Why Teachers Need to Keep Going Even When It’s Hard

The Cellist of the Schoolyard

Why teachers need to keep going even when it's hard

In 1992, thirty-seven-year-old Vedran Smailovic was principal cellist of the Sarajevo Opera. Because of the fighting, Sarajevo was being called “the capital of hell.” On May 27, a long line waited in front of one of the last bakeries in town. Parents wanted to buy bread to feed their families. A mortar landed among them, exploding and killing twenty-two people in line.

Something inside Vedran Smailovic’s heart broke.

The carnage lay in the street outside his window. Instead of white bread for the masses to eat with their red meat, there were white bones and bloody masses of red flesh scattered everywhere.

It scarred his mind. His naivety evaporated. War was in his neighborhood. What could he do about it?

As he stayed up that night sobbing, his anguished mind struggled to rescue his soul from the pit of despair.  How could he make a difference in a living hell?  What could he do? Smailovic did the only thing he could.  The only thing he knew.

The next day, he donned black.  Not the black of mourning, but the formal black of a musician of a prestigious opera company.  Twenty-four hours after the massacre, at 4 p.m., Smailovic settled his stool beside the still smoking crater.

And he began to play.

Smailovic plays in the partially destroyed National Library in 1992. (Source: Wikipedia)

Smailovic plays in the partially destroyed National Library in 1992. (Source: Wikipedia)

Excellence Amidst Tragedy.

He continued to play every day for two years. He played through the rockets red glare and the bombs bursting in air.

The citizens in the capital of hell received a heavenly emissary every day.  They heard music that reminded them of the good, beautiful things of life. The lilting music singing that there was hope that again peace would return.

His powerful testimony brought even more attention to the horrors around him.  This is quoted from a news report.

“Asked by a journalist whether he was not crazy doing what he was doing, Smailovic replied: “You ask me am I crazy for playing the cello, why do you not ask if they are not crazy for shelling Sarajevo!”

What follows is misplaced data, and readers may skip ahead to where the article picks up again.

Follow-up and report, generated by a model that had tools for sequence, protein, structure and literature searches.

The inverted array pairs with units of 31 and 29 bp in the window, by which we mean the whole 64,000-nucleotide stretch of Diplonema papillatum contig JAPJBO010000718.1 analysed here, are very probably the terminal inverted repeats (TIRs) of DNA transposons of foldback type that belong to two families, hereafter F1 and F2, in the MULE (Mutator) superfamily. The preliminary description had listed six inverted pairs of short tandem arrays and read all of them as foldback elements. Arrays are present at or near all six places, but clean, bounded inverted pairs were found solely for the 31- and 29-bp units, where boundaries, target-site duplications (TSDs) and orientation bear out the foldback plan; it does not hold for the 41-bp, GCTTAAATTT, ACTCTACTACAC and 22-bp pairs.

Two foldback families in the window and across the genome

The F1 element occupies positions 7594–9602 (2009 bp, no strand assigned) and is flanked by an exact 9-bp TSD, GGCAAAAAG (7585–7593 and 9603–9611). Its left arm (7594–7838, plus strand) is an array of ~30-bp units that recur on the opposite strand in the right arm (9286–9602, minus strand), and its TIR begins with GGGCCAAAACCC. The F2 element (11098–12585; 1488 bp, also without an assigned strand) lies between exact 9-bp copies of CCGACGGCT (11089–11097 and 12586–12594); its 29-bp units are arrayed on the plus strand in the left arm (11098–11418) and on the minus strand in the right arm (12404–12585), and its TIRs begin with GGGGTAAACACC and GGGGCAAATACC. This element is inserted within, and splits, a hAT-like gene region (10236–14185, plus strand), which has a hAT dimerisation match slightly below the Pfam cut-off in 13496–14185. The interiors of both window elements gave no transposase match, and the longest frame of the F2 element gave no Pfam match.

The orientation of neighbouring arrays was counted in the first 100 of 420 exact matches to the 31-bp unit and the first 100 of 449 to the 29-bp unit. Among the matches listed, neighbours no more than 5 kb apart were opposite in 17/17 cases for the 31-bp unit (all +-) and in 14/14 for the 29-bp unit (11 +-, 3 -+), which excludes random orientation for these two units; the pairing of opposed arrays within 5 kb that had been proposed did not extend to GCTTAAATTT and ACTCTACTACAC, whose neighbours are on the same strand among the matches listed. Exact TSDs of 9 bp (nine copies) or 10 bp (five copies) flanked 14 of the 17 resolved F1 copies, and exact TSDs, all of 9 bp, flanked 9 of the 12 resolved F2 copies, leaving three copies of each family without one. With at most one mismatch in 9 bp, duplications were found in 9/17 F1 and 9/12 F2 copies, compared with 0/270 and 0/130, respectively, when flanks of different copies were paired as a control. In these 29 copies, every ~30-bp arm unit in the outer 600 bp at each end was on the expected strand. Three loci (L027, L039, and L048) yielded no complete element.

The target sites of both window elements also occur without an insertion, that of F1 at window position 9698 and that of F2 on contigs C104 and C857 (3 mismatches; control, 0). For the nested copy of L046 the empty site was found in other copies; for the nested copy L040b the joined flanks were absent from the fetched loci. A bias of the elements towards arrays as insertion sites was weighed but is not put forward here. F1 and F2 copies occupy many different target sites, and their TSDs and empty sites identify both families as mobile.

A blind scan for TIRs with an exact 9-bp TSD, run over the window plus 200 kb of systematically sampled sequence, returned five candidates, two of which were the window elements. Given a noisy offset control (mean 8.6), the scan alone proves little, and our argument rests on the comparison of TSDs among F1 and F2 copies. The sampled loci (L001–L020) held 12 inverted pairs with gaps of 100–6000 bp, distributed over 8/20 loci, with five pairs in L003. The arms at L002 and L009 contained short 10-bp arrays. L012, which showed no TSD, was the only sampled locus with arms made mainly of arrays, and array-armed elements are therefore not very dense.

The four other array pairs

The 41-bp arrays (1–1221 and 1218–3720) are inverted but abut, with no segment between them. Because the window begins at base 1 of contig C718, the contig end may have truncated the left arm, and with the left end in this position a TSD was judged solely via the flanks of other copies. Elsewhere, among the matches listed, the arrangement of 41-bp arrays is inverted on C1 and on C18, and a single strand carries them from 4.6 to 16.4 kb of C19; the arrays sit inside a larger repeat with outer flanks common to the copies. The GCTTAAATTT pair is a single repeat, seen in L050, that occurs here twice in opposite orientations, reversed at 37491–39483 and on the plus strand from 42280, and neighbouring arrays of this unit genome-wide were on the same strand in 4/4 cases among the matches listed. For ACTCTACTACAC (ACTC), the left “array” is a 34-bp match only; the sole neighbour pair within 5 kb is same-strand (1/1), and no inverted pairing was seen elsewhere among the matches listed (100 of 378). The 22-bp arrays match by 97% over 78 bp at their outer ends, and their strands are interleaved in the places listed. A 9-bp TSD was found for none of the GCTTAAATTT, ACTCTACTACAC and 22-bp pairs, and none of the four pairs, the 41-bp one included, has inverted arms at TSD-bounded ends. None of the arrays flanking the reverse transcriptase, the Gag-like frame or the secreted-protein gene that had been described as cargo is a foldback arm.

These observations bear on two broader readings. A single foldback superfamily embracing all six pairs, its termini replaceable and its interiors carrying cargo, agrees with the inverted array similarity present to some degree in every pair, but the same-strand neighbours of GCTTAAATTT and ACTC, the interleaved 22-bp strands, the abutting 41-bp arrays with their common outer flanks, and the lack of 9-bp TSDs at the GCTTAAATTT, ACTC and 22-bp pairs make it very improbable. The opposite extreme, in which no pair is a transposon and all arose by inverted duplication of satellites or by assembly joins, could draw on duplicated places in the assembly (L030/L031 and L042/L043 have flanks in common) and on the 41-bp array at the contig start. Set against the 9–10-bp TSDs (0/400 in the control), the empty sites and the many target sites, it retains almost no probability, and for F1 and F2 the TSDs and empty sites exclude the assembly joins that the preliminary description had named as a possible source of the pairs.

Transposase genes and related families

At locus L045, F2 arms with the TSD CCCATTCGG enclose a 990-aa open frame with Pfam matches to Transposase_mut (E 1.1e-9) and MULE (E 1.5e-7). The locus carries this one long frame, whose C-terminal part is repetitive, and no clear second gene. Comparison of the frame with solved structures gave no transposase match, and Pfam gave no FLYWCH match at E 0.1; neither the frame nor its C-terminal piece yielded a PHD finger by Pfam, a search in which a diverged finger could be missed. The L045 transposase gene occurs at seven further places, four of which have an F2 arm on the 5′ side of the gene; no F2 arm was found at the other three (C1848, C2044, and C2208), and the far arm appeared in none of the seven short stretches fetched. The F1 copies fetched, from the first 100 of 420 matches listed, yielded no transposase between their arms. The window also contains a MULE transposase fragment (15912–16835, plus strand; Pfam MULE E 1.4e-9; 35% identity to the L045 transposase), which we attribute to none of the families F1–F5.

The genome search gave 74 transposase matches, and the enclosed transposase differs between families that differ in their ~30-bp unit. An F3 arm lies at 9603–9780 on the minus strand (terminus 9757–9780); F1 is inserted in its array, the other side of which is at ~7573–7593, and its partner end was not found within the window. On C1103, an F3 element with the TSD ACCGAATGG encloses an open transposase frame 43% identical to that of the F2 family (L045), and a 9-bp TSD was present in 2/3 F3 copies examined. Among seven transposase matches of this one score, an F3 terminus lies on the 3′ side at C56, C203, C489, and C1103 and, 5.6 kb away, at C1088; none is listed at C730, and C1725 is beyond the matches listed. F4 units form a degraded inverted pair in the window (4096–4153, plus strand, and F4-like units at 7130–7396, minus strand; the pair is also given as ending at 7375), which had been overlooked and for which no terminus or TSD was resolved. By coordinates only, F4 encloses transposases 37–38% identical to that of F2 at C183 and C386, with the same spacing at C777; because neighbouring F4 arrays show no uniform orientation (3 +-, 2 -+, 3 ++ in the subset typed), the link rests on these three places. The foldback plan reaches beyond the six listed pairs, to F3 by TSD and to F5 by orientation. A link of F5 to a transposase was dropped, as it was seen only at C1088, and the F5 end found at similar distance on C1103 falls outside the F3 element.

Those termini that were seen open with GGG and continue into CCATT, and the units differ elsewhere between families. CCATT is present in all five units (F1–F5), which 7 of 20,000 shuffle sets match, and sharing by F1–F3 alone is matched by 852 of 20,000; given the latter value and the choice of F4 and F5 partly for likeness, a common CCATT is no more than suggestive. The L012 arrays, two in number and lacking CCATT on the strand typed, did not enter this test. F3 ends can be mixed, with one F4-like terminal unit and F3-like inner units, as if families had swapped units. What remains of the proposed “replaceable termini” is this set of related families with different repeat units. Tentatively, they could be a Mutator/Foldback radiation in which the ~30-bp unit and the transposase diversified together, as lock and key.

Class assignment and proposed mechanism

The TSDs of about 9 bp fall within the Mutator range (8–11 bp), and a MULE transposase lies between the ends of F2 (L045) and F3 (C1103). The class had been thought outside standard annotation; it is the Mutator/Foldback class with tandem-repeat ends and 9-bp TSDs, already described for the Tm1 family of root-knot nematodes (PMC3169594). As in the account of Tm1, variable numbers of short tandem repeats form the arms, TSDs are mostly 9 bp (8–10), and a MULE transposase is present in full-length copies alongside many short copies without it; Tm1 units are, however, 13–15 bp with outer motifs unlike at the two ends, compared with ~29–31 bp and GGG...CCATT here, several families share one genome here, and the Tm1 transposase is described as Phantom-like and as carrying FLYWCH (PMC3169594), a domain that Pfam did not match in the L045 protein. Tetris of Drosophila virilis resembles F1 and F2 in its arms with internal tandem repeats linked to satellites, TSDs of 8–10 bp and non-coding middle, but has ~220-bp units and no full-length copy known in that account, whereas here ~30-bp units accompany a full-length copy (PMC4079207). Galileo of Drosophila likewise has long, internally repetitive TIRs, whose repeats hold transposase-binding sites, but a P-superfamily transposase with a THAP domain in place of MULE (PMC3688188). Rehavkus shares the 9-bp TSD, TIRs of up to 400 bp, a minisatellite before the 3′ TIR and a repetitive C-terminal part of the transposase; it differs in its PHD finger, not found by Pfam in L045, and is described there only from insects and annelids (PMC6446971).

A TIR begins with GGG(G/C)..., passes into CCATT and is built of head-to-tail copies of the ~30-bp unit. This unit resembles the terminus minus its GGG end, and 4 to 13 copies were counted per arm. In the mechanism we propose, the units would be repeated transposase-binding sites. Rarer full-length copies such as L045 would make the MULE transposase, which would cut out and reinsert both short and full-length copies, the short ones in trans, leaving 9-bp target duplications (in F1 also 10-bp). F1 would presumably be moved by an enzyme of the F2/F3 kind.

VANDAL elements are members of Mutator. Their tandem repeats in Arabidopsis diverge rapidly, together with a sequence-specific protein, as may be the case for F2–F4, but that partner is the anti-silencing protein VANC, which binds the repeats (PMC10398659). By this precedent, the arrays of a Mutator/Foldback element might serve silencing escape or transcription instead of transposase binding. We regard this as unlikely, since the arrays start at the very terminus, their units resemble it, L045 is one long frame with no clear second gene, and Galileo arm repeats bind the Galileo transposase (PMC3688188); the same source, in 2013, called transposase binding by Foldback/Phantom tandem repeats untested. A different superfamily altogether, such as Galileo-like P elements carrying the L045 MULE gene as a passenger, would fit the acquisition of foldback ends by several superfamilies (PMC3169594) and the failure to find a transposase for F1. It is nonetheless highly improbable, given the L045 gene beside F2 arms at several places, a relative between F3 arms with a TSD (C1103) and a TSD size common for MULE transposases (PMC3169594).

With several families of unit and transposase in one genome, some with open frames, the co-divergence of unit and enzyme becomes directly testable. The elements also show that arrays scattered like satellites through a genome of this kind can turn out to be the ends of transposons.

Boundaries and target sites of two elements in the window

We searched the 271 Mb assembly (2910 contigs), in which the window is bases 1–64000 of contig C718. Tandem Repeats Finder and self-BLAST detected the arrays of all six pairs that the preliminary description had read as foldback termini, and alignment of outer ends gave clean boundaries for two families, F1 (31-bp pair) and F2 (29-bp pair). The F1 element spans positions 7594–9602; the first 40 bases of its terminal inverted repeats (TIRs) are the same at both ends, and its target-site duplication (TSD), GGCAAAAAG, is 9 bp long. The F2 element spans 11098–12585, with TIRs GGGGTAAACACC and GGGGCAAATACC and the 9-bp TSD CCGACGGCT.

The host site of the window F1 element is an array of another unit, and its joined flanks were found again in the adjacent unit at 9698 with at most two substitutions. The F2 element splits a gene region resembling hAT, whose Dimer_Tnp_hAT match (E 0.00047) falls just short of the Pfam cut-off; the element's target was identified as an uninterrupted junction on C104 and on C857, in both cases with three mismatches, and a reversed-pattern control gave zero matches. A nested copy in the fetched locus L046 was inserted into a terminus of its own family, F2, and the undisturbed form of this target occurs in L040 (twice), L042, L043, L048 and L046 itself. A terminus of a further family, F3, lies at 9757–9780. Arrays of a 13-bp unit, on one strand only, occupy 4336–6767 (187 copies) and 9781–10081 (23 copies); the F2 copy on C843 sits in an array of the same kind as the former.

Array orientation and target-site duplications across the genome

He played on.

After twenty-two days, he moved his chair.  He played in other neighborhoods with freshly charred craters and fragments of humanity where souls had recently departed this earth.  He played in graveyards amidst the newly buried where muffled mourners shuffled in the street looking for bread. Snipers poised to shoot those who attended funerals where he played. Smailovic played on.

He played until December 1993.

He had played to hold out hope to those who would listen.  He became the personal embodiment of hope for peace in Bosnia.  He dispensed hope in his music; he became hope to his people.

The next year, in 1994 famed cellist Yo-Yo Ma played a newly composed piece by English composer David Wilde at the International Cello Festival in Manchester, England.  The piece entitled “The Cellist of Sarajevo” haunted those who were there. Pianist Paul Sullivan described it this way in Everyday Greatness:

“When he had finished, Ma remained bent over his cello, his bow resting on the strings.  No one in the hall moved or made a sound for a long time.  It was as though we had just witnessed that horrifying massacre ourselves.

Finally, Ma looked out across the audience and stretched out his hand, beckoning someone to the stage.  An indescribable electric shock swept over us as we realized who it was…

Smailovic rose from his seat and walked down the aisle as Ma left the stage to meet him.  They flung their arms around each other … everyone in the hall erupted into a chaotic, emotional frenzy…

We were all stripped down to our starkest, deepest humanity at encountering this man who shook his cello in the face of bombs, death, and ruin, defying them all.”

Sketchnote about "Why Teachers Need to Keep Going Even When It's Hard" by Sylvia Duckworth

Sketchnote about “Why Teachers Need to Keep Going Even When It’s Hard” by Sylvia Duckworth

My heart is quiet.

It is as if the strings inside my vocal chords that make that dissonant sound – the sound of whining – those chords are broken. Snapped in two by the understanding that far worse things are happening in the world than my struggles to make ends meet and to put 26 hours into a 24-hour day.